Staff Change at the Archives and Museum

Our visit to the Imperial War Museum’s Dome Chapel a few months ago ago marked a major change in the life of the Archives and Museum: the retirement of the Head of Archives and Museum, J. Michael Phillips. Michael has headed the museum for over seven years, leading us through an increase in visitor numbers, education and outreach services, and ensuring the Archives and Museum became fully integrated into the Hospital’s efforts to increase public understanding of, and destigmatise mental illness.

Michael has also headed the Archives and Museum’s relocation Steering Group, raising funds for the new Archives and Museum. His successor, Victoria Northwood, will take over this project as we move towards our fundraising target and develop plans for the new museum. Victoria has previously worked at the Globe Theatre, where exhibitions around last year’s Bedlam play explored links between art, theatre and mental health. We are sorry to see Michael leave, and wish him a long and happy retirement, but look forward to a new and exciting era, with the relocation now seemingly in sight.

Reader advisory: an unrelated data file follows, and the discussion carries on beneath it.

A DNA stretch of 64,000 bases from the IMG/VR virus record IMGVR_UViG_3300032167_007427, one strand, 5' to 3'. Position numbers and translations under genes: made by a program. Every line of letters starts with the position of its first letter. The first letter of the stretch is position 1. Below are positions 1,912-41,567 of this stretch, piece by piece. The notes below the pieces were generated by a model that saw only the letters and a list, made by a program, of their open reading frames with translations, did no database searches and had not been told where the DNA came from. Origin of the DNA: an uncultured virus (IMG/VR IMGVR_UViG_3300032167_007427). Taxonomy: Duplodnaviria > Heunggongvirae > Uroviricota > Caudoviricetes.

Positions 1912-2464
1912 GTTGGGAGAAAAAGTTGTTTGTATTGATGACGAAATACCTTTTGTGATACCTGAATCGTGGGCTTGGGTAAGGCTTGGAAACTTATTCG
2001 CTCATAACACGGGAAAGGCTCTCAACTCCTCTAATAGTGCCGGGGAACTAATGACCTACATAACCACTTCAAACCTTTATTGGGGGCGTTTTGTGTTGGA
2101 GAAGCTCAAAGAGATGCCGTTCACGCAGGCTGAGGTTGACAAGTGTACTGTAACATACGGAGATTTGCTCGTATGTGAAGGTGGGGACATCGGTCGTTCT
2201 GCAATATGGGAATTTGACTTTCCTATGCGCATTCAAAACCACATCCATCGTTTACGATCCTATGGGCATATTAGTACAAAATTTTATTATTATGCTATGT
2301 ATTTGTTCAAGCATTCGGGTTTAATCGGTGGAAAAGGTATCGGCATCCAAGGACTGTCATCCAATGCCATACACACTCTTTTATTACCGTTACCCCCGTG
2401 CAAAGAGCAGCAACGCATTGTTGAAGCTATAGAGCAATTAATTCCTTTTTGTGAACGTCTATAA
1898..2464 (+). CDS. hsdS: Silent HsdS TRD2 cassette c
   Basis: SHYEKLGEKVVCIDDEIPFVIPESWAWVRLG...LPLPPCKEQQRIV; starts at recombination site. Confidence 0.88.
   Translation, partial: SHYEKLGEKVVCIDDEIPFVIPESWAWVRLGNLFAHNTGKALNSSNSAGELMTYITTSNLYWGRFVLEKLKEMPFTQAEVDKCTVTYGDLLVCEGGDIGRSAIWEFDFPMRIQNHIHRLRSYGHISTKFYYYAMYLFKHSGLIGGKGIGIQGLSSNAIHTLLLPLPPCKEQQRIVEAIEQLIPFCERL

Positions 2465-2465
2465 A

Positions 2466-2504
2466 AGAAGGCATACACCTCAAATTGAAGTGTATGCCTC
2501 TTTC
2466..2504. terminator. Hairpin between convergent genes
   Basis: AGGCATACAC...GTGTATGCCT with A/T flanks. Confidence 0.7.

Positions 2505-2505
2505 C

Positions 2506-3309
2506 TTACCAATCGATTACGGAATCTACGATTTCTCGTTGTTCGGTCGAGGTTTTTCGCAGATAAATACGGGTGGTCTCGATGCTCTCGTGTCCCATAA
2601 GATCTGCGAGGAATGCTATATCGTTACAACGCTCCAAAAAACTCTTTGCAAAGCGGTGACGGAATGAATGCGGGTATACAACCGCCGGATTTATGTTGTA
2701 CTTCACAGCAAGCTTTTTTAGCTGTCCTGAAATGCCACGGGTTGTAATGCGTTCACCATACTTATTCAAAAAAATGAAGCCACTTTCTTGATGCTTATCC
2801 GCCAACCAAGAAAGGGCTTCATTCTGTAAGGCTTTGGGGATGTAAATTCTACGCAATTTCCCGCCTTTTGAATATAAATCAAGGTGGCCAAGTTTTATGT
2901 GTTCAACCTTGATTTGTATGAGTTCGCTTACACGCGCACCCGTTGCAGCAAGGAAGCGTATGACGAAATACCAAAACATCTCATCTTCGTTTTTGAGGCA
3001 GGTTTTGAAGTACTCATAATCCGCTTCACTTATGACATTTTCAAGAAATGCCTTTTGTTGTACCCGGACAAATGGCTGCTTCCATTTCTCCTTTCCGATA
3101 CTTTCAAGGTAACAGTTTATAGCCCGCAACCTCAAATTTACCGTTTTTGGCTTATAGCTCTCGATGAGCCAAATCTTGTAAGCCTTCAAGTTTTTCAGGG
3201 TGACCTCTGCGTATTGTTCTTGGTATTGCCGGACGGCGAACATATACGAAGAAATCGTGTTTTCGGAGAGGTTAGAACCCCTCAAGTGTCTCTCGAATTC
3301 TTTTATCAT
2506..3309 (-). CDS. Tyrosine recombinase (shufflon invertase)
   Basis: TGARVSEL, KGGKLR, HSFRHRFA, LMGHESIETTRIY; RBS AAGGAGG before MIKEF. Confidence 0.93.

In the Dome, Michael kindly presented the Archives and Museum with a new addition to the collection – one of the few artists from the Hospital’s history not already represented – a sketch, by Dr Thomas Monro, which may appear in a future In the Frame post. Monro, the third of his family to occupy the position of Bethlem Physician, was physician from 1787 until his resignation in 1816, following the investigation of the Select Committee into Bethlem the previous year. However, Monro was also well-known as an art collector, being a patron of many well-known artists, as well as an amateur artist himself.


Dr Thomas Monro (1759 – 1833)

A Temple by a River


2 Responses to “Staff Change at the Archives and Museum”

  1. 1 Audrey Adams July 15, 2011 at 11:51 am

    I amk trying to find the entry for Bethlem Hospital in the 1901 census – one of my ancestors was there as a member of staff.

    He is one of a very large family tree – over forty thousand entries – taken over twenty years to compile.

    Backed it up regularly even when not using it – now discovered that backups are corrupt – seven engineers were not able to retrieve anything from the computer once it finally crashed – criminals would have loved that!

    Hope you c an help with where they were in 1901

    Audrey ( at Norwich)

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